In GT1 and GT2, the Honda Prelude can be found in both used and new car lots. It was dropped when GT3: A-Spec was released, presumably because in the year 2001, Preludes were no longer being sold as the Integra became Honda/Acura's new pet. Preludes re-appear in the used lots of GT4 and 5, which makes me happy. I've driven several versions (S, Si, and VTEC) found in GT1, GT2, GT4, and GT5. This review is going to focus on the Prelude's 4th generation (those cars built from 1991 to 1995) and more specifically on the cheaper used cars. I really dig the newer ones, too, but they deserve their own review, and someday hopefully I'll have time to write about one of them.

Preludes are like Celicas and Silvias. There are several of them available from day one of any GT game that has them in its used lot; and in general it seems there's always somebody looking to sell an older Prelude at the Honda dealership for a low, low price. You shouldn't ever have to worry about hunting one down is what I'm trying to say...more likely your only issue will be what color can I find today?  Even in GT5 (with its cramped dealership space) the Prelude won't be showing up every other day, but they do wind up for sale perhaps every other week.   

The Honda Prelude S, Si, and VTEC are all super-affordable (GT5 is the exception here), any of them can be bought, upgraded a bit, and raced immediately--which is especially good for beginners. The S and Si versions have sub-200 hp engines and can only be found in GT1 or 2. These cars lack the superior power of the VTEC's (Variable Timing, lift, & Electronic Control) valve system, but their lower HP will allow one to enter them in all the B-licence and free races with minor help from Mugen. In GT2, the VTEC is only able to race certain events in this game's horsepower-limited events, missing out on precious early credits the other cars can gain with their weaker motors.

The Prelude weighs anywhere from 2,821 to 2,891 pounds; basically, the most powerful ones weigh the most. A VTEC or a modified Si will easily dominate many beginner's races. An S will be okay in the hands of a pro, but may need some help for any n00b players out there.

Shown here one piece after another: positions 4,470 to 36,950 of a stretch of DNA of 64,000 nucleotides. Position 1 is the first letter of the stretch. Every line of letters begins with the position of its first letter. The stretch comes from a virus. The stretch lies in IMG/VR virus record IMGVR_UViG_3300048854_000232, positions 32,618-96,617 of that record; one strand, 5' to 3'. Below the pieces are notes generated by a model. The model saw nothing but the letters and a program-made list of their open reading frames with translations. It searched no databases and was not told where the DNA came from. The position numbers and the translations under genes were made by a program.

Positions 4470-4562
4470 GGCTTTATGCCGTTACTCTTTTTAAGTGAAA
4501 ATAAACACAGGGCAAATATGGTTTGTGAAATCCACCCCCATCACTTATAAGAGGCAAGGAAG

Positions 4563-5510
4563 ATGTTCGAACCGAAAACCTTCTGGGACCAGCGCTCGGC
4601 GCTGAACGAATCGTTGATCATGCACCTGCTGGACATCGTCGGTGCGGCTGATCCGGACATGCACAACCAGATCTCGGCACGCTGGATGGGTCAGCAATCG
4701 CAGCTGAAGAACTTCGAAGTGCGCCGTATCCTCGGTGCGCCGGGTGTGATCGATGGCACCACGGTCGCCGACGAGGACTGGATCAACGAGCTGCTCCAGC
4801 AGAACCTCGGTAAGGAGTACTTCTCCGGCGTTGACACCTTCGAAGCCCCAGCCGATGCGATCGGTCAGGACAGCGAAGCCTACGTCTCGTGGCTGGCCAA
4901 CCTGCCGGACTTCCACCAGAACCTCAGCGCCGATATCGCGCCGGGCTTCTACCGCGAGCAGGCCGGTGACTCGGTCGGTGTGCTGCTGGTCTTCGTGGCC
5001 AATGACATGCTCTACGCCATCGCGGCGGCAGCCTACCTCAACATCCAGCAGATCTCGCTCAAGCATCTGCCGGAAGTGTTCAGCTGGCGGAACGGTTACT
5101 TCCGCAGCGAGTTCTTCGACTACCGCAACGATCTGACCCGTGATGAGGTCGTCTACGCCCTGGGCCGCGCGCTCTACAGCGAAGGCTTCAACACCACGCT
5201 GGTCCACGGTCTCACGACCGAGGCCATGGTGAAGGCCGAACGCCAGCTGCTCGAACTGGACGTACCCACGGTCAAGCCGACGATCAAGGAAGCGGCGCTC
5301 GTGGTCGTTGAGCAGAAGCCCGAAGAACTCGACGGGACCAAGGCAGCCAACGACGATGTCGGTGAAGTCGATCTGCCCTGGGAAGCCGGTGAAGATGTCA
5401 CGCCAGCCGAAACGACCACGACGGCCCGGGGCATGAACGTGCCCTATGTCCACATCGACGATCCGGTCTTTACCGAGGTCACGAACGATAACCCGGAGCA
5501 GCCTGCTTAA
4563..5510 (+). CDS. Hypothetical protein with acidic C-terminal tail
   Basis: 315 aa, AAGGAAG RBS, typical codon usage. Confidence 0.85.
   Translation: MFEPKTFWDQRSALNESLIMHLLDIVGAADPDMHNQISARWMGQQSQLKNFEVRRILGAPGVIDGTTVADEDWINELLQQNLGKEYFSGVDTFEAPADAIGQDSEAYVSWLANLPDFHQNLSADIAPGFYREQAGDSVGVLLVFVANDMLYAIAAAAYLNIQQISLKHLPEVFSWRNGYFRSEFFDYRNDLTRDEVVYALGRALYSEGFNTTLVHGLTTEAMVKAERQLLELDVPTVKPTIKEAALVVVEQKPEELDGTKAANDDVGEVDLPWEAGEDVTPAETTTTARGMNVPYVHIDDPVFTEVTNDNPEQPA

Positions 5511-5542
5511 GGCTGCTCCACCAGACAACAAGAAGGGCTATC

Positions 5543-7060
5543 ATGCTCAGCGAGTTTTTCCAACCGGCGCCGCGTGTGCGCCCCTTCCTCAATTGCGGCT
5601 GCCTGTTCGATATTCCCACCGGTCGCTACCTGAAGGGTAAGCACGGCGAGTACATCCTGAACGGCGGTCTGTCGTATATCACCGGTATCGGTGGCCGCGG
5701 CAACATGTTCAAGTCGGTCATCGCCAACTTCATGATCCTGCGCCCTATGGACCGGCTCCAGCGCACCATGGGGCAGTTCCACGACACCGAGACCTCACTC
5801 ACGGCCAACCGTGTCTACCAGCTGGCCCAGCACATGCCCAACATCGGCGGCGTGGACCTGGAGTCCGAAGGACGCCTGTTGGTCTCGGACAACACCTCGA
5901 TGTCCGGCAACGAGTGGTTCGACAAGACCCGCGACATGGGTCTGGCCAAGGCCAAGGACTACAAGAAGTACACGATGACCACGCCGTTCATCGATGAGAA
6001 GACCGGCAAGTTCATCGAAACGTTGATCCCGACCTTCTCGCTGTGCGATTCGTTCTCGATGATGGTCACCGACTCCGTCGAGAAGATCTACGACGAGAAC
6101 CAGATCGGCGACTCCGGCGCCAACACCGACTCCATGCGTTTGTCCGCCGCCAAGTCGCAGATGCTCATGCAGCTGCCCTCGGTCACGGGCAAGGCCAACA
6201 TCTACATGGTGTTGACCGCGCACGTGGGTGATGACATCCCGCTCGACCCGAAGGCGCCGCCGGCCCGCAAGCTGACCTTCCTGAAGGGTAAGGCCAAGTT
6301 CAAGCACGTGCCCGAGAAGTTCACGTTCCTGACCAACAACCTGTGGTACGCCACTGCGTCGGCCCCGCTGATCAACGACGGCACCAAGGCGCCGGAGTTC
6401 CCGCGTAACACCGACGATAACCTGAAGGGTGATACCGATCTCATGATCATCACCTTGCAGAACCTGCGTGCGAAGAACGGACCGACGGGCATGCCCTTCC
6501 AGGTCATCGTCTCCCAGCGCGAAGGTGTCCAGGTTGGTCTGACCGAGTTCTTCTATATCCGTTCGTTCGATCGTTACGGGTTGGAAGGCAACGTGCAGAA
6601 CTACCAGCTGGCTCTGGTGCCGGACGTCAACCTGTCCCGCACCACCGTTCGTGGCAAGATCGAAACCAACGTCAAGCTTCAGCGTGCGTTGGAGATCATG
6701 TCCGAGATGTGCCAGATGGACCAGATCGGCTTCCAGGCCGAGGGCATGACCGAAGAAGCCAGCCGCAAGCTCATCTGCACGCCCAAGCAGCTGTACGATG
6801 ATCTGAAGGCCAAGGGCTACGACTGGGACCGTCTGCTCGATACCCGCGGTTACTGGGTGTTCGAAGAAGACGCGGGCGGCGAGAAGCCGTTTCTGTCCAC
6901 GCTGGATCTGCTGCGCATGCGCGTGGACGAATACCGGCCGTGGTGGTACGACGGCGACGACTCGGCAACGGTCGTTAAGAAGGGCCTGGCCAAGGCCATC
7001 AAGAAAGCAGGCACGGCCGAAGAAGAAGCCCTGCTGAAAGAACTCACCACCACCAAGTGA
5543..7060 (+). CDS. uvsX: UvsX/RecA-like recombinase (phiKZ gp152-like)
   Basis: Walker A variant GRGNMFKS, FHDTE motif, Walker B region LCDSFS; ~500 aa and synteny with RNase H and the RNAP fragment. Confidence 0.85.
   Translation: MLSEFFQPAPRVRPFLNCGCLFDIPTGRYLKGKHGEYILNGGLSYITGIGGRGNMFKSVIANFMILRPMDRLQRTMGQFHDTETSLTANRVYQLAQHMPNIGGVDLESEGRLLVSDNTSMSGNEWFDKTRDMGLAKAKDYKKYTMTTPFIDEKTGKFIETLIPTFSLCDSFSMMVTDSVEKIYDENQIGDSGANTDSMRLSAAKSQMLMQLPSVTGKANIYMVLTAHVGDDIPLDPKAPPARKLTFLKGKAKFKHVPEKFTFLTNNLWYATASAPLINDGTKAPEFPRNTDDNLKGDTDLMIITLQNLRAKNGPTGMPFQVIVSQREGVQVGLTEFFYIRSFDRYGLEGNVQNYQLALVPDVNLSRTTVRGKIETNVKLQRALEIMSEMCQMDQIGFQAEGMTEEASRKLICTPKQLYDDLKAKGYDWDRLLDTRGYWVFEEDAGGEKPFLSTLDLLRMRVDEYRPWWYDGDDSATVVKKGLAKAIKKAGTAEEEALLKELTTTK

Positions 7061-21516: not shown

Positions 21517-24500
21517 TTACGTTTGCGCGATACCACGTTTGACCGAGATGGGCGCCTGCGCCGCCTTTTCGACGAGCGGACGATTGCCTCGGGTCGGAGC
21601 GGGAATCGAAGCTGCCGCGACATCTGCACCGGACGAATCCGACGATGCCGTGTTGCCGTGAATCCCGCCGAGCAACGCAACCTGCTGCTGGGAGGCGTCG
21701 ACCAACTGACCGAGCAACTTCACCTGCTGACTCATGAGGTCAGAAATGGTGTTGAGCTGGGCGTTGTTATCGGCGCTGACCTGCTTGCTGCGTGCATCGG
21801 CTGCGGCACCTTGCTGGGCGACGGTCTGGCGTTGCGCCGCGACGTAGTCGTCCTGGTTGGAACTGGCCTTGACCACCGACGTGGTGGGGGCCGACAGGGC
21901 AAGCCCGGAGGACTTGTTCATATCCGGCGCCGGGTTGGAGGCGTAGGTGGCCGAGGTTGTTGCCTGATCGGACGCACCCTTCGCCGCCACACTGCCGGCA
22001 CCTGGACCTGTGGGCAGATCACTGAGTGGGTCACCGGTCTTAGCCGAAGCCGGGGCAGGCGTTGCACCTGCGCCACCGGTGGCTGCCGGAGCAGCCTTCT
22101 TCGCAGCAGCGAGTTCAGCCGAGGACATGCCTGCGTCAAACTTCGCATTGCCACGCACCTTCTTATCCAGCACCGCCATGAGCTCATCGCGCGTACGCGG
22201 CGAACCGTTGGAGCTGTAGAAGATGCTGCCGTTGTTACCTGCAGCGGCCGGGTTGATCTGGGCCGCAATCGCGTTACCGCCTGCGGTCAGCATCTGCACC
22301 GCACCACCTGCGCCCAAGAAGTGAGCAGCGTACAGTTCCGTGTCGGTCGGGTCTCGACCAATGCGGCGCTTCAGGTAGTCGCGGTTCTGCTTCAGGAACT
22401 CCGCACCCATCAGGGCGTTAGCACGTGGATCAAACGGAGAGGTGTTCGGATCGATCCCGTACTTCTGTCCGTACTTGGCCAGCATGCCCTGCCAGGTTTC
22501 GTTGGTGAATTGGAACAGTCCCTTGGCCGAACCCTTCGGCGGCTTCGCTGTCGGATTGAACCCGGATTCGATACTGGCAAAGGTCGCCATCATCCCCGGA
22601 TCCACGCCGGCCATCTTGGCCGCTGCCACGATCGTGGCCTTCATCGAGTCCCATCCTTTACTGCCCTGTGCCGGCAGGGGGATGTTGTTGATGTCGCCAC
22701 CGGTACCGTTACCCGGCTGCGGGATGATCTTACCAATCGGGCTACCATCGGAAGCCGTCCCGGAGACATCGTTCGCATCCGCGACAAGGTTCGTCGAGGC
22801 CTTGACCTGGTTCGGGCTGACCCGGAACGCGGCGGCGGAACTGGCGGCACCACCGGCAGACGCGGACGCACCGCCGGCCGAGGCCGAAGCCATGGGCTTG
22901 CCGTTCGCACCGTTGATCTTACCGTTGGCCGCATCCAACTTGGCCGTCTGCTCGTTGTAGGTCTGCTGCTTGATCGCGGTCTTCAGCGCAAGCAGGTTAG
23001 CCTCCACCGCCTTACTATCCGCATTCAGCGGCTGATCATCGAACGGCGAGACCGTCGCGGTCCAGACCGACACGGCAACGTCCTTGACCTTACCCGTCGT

The 'Lude's body is low to the ground, and as wide as most any sports car (69.5" is a pretty good figure to work with). Any geometry buff will explain that this car will do well on the skidpad; hmm, okay...it'll do well considering it's a mass-production front-drive. And (best of all) racing mods (including snazzy paint-jobs) with aero kits can be bought in GT1 or 2, stretching the Prelude's career way beyond what might at first seem possible.

But ultimately, there are limits in this car. Some expected, some not...


-------------------ENGINE / DRIVETRAIN-------------------

As mentioned before, one thing special about Preludes are the choice of engines they could originally be bought with in real-life. In our game, we have the low-powered 2.2 liter SOHC as found in the Prelude S, a more powerful DOHC in the Si, and a 211 hp DOHC version powers the '94 VTEC; which can be modified up to 302 hp with 3 steps of normally-aspirated tuning in GT2.

In GT1 and 2, Honda's aftermarket supplier Mugen apparently doesn't believe in turbos for some reason, but this doesn't seem to matter to true Honda fanatix, who also generally don't believe in turbos. GT4 and 5 Preludes can accept turbos, though. Three different kits! Oddly, GT4 cars can only be equipped with the first two natural-aspirated tunes along with those three turbos.